World’s largest wind farm planned
- 31st March 2012
- Comments (6)
The world’s biggest wind farm is being planned off England’s south coast. The development comprises 200 turbines, each the height of a skyscraper and spread over an area the size of Glasgow.
The planned wind farm, which is three to four times bigger than any previously built, is expected to earn its Dutch owners Eneco more than a quarter of a billion pounds a year in subsidies alone.
The scheme has already attracted widespread criticism with opponents claiming it will ruin coastal views for generations to come. The Royal Yacht Squadron, the world’s most prestigious sailing club whose patron is the Queen and which is headed by the Duke of Edinburgh, is also orchestrating a campaign against it.
It fears the wind farm could impact on the main sailing route from the Isle of Wight to the south west, including the Fastnet Race, which starts in Cowes and finishes in Plymouth.
Eneco has submitted notice of its plans – in a 173-page report – to a special Government body set up to deal with ‘national significant’ infrastructure projects.
Source: Telegraph online
Anthony Shall on 10th April 2012
Is it not true that wind farms are not economically viable?If so as the are a noisey eyesore,what good are they?
Paul Hickman on 10th April 2012
Investment in sustainable energy is key for the future. Opposition to windfarms is literally ‘stupid’. We have to adapt our perceptions to ensure our future, Do we want to lose our mobility, the comforts of our homes? This is what opposing sustainable energy sources will mean. People are blinkered, prejudiced and ignorant of the challenges that the latter half of the twenty-first century will bring. The French have invested and are still investing in wind turbines and huge PV solar. They are insuring themselves against an oil-poor future. We just hang back, squabble, prevaricate and simply dismiss out of hand the benefits of sustainable energy. We are lucky enough to have immediate access to sustainable sources like wind – why throw away the fantastic opportunities we have? Anthony Shall is an ignorant dinosaur. The science shows that wind farms ARE economically viable but we choose to reject them for spurious reasons. Get real, Mr Shall! Are the French, the Danes, the Germans and the Dutch just throwing money down the drain by investing in sustainable energy. They are emphatically NOT stupid.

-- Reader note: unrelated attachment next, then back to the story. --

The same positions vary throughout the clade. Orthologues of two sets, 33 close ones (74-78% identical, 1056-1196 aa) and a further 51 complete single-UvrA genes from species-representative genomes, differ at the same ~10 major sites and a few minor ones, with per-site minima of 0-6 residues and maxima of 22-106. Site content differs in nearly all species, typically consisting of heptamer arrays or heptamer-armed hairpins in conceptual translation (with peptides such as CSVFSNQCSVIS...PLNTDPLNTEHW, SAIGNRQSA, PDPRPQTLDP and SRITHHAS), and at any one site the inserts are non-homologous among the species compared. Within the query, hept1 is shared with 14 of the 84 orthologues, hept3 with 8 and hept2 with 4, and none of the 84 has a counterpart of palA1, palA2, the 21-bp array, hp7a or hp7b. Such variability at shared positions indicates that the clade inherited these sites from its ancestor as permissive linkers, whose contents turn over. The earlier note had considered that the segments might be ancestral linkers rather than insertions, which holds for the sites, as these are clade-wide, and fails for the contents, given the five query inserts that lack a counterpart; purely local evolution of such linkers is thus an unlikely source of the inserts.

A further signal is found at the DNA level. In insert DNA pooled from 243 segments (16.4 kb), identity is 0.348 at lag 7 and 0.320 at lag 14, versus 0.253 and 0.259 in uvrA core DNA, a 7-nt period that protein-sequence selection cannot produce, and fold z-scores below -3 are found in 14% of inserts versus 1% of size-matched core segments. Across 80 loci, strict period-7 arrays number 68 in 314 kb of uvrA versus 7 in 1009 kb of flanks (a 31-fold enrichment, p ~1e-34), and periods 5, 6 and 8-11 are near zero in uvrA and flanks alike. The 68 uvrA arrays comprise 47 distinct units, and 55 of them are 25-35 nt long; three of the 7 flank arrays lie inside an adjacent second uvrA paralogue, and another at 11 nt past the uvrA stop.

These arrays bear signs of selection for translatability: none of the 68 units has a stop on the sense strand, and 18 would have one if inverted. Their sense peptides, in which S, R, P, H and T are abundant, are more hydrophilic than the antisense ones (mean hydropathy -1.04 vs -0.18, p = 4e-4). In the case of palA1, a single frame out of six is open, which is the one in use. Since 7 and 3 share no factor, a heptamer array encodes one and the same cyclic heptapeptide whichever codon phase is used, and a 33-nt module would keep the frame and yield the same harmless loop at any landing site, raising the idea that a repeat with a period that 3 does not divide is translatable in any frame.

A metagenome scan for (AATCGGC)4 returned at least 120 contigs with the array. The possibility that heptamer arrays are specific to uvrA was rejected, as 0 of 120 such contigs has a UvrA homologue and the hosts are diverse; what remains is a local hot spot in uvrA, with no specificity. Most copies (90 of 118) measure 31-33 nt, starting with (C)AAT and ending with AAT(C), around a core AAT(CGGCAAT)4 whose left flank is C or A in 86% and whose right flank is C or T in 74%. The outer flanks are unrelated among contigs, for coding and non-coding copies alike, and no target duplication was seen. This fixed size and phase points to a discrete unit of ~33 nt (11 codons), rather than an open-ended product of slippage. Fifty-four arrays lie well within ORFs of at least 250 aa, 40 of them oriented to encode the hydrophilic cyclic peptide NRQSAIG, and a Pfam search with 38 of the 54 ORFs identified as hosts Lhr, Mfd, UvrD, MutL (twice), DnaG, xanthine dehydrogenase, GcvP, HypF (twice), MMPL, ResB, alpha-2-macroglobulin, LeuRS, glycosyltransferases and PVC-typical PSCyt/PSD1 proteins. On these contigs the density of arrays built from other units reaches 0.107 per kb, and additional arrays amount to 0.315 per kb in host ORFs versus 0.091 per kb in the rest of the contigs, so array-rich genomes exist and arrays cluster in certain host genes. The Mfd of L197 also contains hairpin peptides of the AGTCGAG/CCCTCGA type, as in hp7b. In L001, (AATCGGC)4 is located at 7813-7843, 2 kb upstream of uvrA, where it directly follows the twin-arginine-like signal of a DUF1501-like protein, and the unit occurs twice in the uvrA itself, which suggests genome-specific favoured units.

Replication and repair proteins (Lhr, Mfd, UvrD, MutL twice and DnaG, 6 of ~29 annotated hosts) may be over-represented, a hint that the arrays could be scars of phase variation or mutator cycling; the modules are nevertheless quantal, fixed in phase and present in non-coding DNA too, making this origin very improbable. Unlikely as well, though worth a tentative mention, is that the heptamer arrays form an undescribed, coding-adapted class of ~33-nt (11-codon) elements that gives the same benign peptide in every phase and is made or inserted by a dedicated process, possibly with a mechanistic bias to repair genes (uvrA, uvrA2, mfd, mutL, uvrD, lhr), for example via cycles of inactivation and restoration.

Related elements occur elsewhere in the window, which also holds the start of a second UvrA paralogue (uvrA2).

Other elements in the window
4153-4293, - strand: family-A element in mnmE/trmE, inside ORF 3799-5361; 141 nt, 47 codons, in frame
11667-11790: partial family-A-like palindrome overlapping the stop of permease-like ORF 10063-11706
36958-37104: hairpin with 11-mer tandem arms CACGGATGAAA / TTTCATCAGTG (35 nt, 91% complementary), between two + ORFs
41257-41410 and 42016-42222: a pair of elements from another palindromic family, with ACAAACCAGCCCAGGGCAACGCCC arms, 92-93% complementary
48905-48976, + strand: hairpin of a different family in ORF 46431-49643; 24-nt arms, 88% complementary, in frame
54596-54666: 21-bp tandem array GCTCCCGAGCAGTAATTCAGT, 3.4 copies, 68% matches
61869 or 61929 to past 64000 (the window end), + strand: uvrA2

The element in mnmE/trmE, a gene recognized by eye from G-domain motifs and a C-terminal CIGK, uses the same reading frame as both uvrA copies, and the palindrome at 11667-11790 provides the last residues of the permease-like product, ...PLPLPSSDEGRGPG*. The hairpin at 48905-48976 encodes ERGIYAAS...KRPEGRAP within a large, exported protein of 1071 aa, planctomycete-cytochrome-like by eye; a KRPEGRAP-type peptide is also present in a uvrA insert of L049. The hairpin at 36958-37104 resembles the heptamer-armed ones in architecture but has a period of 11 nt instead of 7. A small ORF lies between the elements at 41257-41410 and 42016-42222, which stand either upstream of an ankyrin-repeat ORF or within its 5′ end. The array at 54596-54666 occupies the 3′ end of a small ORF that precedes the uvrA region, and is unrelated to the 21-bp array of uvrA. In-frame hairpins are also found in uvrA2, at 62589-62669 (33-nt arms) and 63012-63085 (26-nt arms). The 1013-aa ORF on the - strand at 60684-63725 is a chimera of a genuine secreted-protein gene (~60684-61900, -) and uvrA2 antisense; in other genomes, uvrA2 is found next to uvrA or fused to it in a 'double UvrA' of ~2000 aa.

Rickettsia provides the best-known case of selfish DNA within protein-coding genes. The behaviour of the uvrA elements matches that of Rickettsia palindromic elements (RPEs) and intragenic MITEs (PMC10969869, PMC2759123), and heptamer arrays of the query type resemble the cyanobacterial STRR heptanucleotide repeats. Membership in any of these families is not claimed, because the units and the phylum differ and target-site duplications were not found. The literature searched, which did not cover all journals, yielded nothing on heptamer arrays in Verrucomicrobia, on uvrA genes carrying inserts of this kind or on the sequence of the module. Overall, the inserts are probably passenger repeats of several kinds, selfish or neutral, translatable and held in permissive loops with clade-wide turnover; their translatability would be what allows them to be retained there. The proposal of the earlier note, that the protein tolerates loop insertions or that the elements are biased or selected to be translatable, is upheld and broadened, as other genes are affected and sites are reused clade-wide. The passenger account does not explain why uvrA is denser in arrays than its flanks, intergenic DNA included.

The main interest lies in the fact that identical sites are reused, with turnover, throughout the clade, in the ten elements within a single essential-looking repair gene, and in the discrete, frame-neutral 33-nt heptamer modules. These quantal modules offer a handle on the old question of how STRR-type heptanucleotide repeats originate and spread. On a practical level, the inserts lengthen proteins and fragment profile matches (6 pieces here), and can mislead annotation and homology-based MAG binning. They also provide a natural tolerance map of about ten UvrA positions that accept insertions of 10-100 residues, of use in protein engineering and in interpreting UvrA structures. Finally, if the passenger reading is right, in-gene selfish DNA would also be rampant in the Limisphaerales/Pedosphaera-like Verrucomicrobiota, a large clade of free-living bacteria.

Paul on 10th April 2012
It’s interesting that in the rush to “save” our environment what we are actually going to do is “destroy” it.
It is clear that this particular project is more about making money than it is about anything to do with the environment.
We need to look very carefully and sift out the vested interest from what we decide to accept as projects in the name of “saving” anything.
I’m afraid this wind farm is quite inapropriate as presently envisaged and one can only hope that any “special Government body” set up to deal with anything whatsoever will have the inteligence and power to prevent it going forward.
I supose that comment in itself will cause some concern because the last thing we want or need is anything controlled by a govenment to actually have poewer.
Philip Orndrup on 11th April 2012
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Tony Durbin on 11th April 2012
I object to this crazy scheme; that will cost billions to construct from non-green energy sourced fossil fuel engineering – a cost that will never be covered in the working lifetime of this wind dependent folly. I sincerely hope our Minister for Climate Change, Greg Barker will scotch this based on the forgoing, and that an enormous amount of delapidation is inevitable; and that over the lifetime of the “farm” millions of litres of fossil fuel will be used by large sea-going vessels needed to constantly service this folly and thus cancel out the paltry green energy objective.
Paul Hickman on 14th May 2012
I fully support this wind farm. We have to ‘live in our times’ and adapt our lifestyle to match our needs, this time with regard to sustainable energy sources. The ‘nimbys’ are not in tune with the requirements of the future. The ‘spoils the view’ argument is facile and irrelevant. At a distance, the profile of the turbines is minuscule. Why are turbines popping up everywhere? … because together they really are the key to sustainable energy supplies.